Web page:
As the title of the document implies, you need to specify your financial details. You can start with your income and revenue including rental, investment, employment, benefits, as well as unemployment or disability income. Next, list all salary deductions that you have like federal income tax, state income tax, health insurance, life insurance, social security, and etc. You may also include the monthly expenses you incur in your household such as mortgage, utility payments, gas, vehicle insurance, property taxes, and rent, among others. 

Go over your affidavit before filing

Read through your document before you  sign it and watch out for things that may not make sense or seem out of line. You may also seek legal assistance from a lawyer to review your affidavit and help you catch errors. But do not depend on your attorney so much as there will be information that’s only known to you–what might seem wrong to him, is actually correct based on your personal knowledge.

Sign and file in the court

After drafting your affidavit, it’s time to take your unsigned document to a notary, lawyer, or court clerk. Once they have determined that your affidavit is clear, accurate, and contains only the truth, you need to swear under oath and sign it in their presence. They will print their name and sign it after verifying the truthfulness of your document. 

FAQs

Do all financial affidavits contain the same information?

The information required in the financial affidavit may slightly vary depending on the purpose of the affidavit and its jurisdiction. It is important to note that courts often rely on financial affidavits to get a picture of your current financial situation before making any decisions about it such as alimony, child support, division of assets, and other matters.

What happens if I cannot provide a financial affidavit?

You should keep in mind when a financial affidavit is requested, remember that the court needs it in order to make a just and equitable decision that can affect you financially. Failure to comply with this requirement can result in either of the following:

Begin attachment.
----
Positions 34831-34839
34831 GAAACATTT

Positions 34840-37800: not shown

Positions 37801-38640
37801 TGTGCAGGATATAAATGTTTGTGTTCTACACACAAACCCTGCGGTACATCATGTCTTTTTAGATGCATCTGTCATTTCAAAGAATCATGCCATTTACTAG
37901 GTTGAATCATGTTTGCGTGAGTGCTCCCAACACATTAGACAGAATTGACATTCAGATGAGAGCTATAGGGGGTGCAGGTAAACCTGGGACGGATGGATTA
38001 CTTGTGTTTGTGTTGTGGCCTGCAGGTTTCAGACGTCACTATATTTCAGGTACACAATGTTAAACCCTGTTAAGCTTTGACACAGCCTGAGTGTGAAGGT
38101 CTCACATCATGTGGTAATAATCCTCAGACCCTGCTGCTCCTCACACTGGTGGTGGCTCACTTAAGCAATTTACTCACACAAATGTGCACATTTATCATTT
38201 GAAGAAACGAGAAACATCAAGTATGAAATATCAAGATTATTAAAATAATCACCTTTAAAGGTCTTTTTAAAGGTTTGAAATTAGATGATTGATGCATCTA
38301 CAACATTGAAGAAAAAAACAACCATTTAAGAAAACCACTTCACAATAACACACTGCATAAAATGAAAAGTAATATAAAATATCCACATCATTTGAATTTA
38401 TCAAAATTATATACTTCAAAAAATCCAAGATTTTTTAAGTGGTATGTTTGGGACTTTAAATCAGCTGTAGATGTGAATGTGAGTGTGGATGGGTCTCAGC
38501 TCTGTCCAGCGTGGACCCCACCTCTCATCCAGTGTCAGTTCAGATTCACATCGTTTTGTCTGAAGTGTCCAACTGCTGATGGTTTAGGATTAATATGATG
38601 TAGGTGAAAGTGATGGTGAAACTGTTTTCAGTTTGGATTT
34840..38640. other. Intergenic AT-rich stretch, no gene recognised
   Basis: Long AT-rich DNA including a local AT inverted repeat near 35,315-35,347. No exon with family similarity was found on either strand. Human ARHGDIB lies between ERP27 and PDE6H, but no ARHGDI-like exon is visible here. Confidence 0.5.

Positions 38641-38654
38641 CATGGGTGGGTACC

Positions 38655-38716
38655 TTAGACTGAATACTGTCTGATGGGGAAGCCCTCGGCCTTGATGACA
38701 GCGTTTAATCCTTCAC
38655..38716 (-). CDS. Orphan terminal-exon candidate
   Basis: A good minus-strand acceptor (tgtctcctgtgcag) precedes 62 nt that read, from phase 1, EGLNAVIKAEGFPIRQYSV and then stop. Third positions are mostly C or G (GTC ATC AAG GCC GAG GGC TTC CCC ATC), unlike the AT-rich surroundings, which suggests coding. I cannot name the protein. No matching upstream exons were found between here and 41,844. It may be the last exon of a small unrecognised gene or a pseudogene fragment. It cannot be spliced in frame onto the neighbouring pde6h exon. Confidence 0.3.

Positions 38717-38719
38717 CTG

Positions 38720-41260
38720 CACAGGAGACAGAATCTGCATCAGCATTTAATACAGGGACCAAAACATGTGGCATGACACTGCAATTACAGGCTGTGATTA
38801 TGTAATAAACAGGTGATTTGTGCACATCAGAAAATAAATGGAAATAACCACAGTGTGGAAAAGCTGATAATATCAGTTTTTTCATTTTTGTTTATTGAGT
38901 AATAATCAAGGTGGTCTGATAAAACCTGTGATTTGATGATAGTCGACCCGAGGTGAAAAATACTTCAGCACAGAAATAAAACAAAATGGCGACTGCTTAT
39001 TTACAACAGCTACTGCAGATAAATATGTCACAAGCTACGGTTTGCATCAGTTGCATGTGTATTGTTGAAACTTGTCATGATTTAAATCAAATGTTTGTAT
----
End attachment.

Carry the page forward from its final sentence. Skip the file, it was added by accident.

You will need to testify under oath and in person and answer all questions pertaining to your financial circumstances

The court will assume about your financial circumstances and base their decision on their assumption

You will not obtain the service of relief you are requesting from the court

What should I do if I can’t afford to pay for the filing fee to take someone to small courts?

There are financial assistance programs available in different states to help you with it. You can submit a financial affidavit along with a form that will waive court costs and fees.

What is the main purpose of a financial affidavit?

A court mandated financial affidavit will be used to take a look at your finances concerning spousal or child support allocation, bankruptcy, settlements, and even in some criminal cases

Financial affidavits is a simple document but it can be tricky to create. Make sure that you are clear in your purpose, truthful in your details, and it’s free from errors. If you lie or fail to disclose all important details, you can be charged with perjury that carries both criminal and civil consequences. Compliance to this court requirement is a must so that your current financial circumstances are considered during court decision making. To get you started, download the template available on this website now.